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- Anthony N. DeMaria, MD, MACC, Editor-in-Chief, Journal of the American College of Cardiology⁎ ()
- ↵⁎Address correspondence to:
Dr. Anthony N. DeMaria, Editor-in-Chief, Journal of the American College of Cardiology, 3655 Nobel Drive, Suite 400, San Diego, California 92122
For months I had been hearing people talk about a controversial book titled Freakonomics(1). Written by Steven Levitt and Stephen Dubner, the New York Times bestseller is subtitled “a rogue economist explores the hidden side of everything.” Among controversial assertions that attracted attention were the claims that the striking reduction in violent crime witnessed in the 1990s was due to the Roe v. Wade decision legalizing abortion, that parenting contributes only modestly to the achievements of children, and that both teachers and sumo wrestlers cheat in response to individual incentives. So I picked up a copy and read it. Although Freakonomicsdoes not deal with health care issues directly, the principles espoused apply well to medicine.
The primary concept underlying Freakonomicsis that things are often not what they seem to be, and that the appropriate examination can yield evidence as to exactly what they are. As medical scientists, this seems a bit obvious. We are accustomed to distinguishing associations from causality and to determining whether the effects attributed to specific actions are actually produced by those actions (e.g., does revascularizing a stenotic coronary prolong life?). Therefore, I found the “hidden truths” uncovered in the book cute, but not that surprising. Although the methods of identifying the actual truth are described as tools of economics, in fact these are conventional analytic methods that are applied in all types of science. However, it is an interesting exercise to see how the economic principles delineated in the book apply to cardiology.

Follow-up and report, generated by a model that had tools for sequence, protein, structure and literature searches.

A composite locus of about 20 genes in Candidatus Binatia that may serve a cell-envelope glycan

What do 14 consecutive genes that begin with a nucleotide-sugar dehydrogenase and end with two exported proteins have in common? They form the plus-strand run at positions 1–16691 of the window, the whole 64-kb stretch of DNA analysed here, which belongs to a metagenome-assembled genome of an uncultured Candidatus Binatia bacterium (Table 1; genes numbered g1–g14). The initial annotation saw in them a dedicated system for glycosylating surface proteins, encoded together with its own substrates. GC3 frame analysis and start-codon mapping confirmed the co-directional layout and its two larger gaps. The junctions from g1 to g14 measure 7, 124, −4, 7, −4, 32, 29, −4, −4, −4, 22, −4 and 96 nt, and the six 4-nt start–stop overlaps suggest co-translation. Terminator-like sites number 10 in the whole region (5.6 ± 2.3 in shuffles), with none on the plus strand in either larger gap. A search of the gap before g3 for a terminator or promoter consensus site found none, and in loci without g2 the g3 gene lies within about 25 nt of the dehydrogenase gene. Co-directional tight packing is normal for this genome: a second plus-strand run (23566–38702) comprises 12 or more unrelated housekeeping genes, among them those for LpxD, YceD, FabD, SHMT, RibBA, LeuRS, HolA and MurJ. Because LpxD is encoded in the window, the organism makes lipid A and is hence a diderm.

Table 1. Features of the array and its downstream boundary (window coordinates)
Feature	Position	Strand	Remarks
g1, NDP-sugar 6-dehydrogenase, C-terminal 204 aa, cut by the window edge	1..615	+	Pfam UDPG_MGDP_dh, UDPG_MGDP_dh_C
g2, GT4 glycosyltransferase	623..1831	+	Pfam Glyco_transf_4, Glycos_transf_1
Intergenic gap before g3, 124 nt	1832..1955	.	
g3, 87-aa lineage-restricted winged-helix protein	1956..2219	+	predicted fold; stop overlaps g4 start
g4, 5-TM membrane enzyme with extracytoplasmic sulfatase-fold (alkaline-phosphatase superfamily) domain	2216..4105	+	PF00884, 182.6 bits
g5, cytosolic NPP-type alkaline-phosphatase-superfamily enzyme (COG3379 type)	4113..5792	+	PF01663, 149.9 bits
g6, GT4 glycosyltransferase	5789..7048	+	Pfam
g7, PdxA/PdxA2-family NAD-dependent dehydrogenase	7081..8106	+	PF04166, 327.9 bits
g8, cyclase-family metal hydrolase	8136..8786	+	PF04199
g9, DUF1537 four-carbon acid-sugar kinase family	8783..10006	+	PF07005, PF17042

The first concept put forth was that “incentives are the cornerstone of modern life.” This, of course, is the basic principle behind capitalism, and is generally believed to be responsible for the success of the system. The authors define 3 categories of incentives: economic, social, and moral. In an example, the imposition of a $3 fee when parents are late picking up children from school increased the frequency of late pick ups since a (too small) economic incentive was substituted for a moral one. Incentives are also felt to play an important role in cardiology, both in practice and research. However, I believe that the influence of economic incentives is overemphasized; my experience is that they are operative in medicine well after moral and social motives. I believe we in medicine adhere more closely to moral motives than do other fields. In fact, I think the social incentives of respect, fame, and academic advancement often outweigh economic inducements.
One side effect of incentives, particularly for economic incentives, is deception. The example given is of teachers who, incentivised by rewards for high student scores on standardized tests, cheat on the examination. While this behavior is repulsive in teachers, it would be horrific in physicians. However, overutilization of resources could be viewed as a form of deception in response to an economic incentive. That is why I think it is so important for us in cardiology to deal with the issue of self referral openly, directly, and with as much data as possible to avoid the appearance of inappropriate behavior.
The second principle espoused is that “the conventional wisdom is often wrong.” We could translate this to medicine as things which seem obvious are often untrue. It seemed intuitive that eliminating premature ventricular contractions would increase survival in postmyocardial infarction patients and that beta-blockers would adversely effect heart failure patients, but neither was true. Again, I think we are more cognizant of this concept in medicine than in most other disciplines. In cardiology we typically require validation for everything we do. So I believe one of the best tenets of modern cardiology is to doubt everything until you have proof.